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Rainwater harvesting & greywater recycling in urban areas_Seetha Gopalakrishnan (IWP)_2014
Rainwater harvesting & greywater recycling in urban areas_Seetha Gopalakrishnan (IWP)_2014
Rainwater harvesting & greywater recycling in urban areas_Seetha Gopalakrishnan (IWP)_2014
Rainwater harvesting & greywater recycling in urban areas_Seetha Gopalakrishnan (IWP)_2014
Rainwater harvesting & greywater recycling in urban areas_Seetha Gopalakrishnan (IWP)_2014
Rainwater harvesting & greywater recycling in urban areas_Seetha Gopalakrishnan (IWP)_2014
Rainwater harvesting & greywater recycling in urban areas_Seetha Gopalakrishnan (IWP)_2014
Rainwater harvesting & greywater recycling in urban areas_Seetha Gopalakrishnan (IWP)_2014
Rainwater harvesting & greywater recycling in urban areas_Seetha Gopalakrishnan (IWP)_2014
Rainwater harvesting & greywater recycling in urban areas_Seetha Gopalakrishnan (IWP)_2014
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Rainwater harvesting & greywater recycling in urban areas_Seetha Gopalakrishnan (IWP)_2014

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This presentation provides a quick look at the basics of domestic rainwater harvesting and grey water recycling.

This presentation provides a quick look at the basics of domestic rainwater harvesting and grey water recycling.

Published in: Environment, Technology
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  • The idea of rain water harvesting can be very powerful for sustainability of groundwater table. Chennai is a decent example. Visit Rain Centre site or CSE site: http://www.rainwaterharvesting.org/
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  • good!!!!!
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  • 1. RAINWATER HARVESTING AND GREYWATER RECYCLING IN URBAN AREAS – THE CHENNAI EXPERIENCE Seetha Gopalakrishnan India Water Portal
  • 2. Rainwater Harvesting - Basics Is this a novel concept?  Not a new technology or an alternative  Adaptations - Traditional vs. Modern designs Why should I harvest rainwater?  No. of rainy days are less – around 60-90 days on an average across India  Cities are usually water starved, not rain starved  Needs - Immediate use vs. Groundwater recharge Is it expensive?  Not very if it is incorporated in the original design How do I go about this?  Harvest rainwater, both from the roof-top as well as around the building – Simple design
  • 3. Rooftop Rainwater Harvesting  Terrace down-take pipes → Underground sump │Overflow from the sump → Dug well  If dug wells are absent, construct recharge wells or percolation pits depending upon space available Consider a building with a flat terrace area of 100 sq.m. Average annual rainfall in Chennai is approximately 1300mm Assume that 60% of the total rainfall is effectively harvested Volume of. water harvested = 1,30,000 x 0.6 = 78,000 litres 213 litres of water/day will be available for the household This is enough to meet the drinking and cooking needs of a household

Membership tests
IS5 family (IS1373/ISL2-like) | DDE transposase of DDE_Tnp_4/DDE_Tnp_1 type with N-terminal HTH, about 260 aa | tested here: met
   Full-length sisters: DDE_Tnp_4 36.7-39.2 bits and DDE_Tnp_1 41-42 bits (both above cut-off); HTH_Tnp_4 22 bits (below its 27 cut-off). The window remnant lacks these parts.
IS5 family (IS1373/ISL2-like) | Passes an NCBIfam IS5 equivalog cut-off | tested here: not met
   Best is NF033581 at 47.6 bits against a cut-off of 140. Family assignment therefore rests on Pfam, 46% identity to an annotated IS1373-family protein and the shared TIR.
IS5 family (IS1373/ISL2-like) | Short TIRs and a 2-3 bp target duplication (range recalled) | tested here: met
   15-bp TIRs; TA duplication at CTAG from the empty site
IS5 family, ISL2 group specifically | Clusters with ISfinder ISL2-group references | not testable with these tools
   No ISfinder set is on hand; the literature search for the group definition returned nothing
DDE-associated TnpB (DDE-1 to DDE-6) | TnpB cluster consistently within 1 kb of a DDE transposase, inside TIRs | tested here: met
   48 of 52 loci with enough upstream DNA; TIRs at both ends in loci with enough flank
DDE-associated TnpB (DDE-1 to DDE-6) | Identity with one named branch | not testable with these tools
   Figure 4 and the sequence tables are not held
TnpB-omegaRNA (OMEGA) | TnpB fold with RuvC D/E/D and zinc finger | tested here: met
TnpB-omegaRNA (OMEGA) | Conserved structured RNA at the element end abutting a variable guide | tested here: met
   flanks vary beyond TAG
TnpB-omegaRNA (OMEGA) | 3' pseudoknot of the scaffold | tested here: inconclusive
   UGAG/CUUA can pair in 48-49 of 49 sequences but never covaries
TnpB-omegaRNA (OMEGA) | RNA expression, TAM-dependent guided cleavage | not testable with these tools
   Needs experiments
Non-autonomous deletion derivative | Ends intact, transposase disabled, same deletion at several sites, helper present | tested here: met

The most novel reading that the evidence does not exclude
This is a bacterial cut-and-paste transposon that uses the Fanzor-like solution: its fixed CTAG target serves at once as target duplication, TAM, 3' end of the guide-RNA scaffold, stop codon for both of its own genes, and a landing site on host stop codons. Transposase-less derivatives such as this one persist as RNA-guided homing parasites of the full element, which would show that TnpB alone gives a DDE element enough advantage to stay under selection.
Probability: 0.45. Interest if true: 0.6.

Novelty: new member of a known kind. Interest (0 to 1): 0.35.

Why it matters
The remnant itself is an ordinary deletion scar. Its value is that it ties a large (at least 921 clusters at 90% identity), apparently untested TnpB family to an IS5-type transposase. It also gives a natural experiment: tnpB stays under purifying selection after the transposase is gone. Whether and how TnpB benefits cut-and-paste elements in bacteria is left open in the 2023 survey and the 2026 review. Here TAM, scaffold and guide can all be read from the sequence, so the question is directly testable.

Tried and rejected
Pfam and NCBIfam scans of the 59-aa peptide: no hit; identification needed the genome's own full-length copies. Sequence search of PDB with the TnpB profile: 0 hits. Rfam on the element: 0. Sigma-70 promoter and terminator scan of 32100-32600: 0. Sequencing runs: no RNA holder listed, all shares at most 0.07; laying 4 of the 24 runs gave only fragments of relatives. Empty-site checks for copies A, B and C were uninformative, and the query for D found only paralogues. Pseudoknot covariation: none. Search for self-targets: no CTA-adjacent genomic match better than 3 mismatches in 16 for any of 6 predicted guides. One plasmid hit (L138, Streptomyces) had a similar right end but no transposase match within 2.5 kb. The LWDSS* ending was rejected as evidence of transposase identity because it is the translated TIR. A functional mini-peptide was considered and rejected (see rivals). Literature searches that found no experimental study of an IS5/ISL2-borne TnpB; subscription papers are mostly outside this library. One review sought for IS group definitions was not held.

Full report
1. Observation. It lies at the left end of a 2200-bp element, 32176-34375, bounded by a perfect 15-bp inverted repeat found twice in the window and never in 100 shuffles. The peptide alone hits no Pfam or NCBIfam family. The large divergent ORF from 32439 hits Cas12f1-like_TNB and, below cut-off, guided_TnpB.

• 4. Diversion of rainwater from the terrace into a shallow dug well in an apartment complex
  • 5. Harvesting the Driveway Runoff  Rainwater that falls around the building is usually wasted  Not good for potable uses, but definitely worth using for recharge  Gutter near the gate does the trick  Water collected at the gate → Recharge well
  • 6. Greywater Recycling •Almost 60% of the refuse water from our daily usage is good, quality sterile water - Can be easily cleaned up •Plants remove all the organic material •Water is further polished by soil bacteria as it travels down the soil •The cleaned water can be safely used for flushing and gardening •Excess can be put into the soil to augment the shallow water table Daily Water Usage Flushing - 35% Kitchen - 15% Bathing and Washing of Clothes - 50%
  • 7. Characteristics of a good groundwater recharge system Both from Rainwater harvesting and Greywater recycling  Completeness -Both rooftop and driveway runoff water to be harvested.  Apportioning of water–To avoid overload of any one system, leading to overflow and loss.  Proper design - Volume of water likely to flow through and the nature of the soil in the area should be considered.  Maintainability - Design should incorporate features allowing for periodic maintenance of the structure.
  • 8. Annual rainfall averaged over the last 50 years falling over the 174 Sq km area of Chennai is 127cm. If this is harvested, every citizen can get 135 litres per day Chennai is rain-rich but water- starved  No perennial river nearby  Rain from SW and NE monsoons  Macro-supply - Reservoirs are woefully inadequate What should be done?  Reduce dependence on Metro water Supply  Increase dependence on sources within one’s premises  Conjunctive use of aquifers – shallow & deep The Chennai Experience
  • 9. Government Initiatives Tamilnadu is the first state in India to make rainwater harvesting mandatory 1) Tamil Nadu Municipal Laws (Second Amendment) Ordinance, 2003   Inserted Sec. 255A in the Chennai City Municipal Corporation Act, 1919 which made Rain Water Harvesting mandatory Similar changes were made in Municipal laws of other major cities as well 2) Rain Water Harvesting Structures in Buildings Amendments to Building Rules 3) Ground Water Potential Villages including Well field & Suburban Area 4) Act to amend the Madras Metropolitan Area Groundwater (Regulation) Act 1987 Rain Centre Chennai RWH Survey - 2006 •After the record rainfall of 250 cm. in 2005, there was a phenomenal rise in groundwater table •Survey revealed that the Groundwater table had risen by minimum of 6 m. and a maximum of 8 m. in the entire city •Shallow aquifer recharge very successful -Temple tanks which were previously empty had water in them

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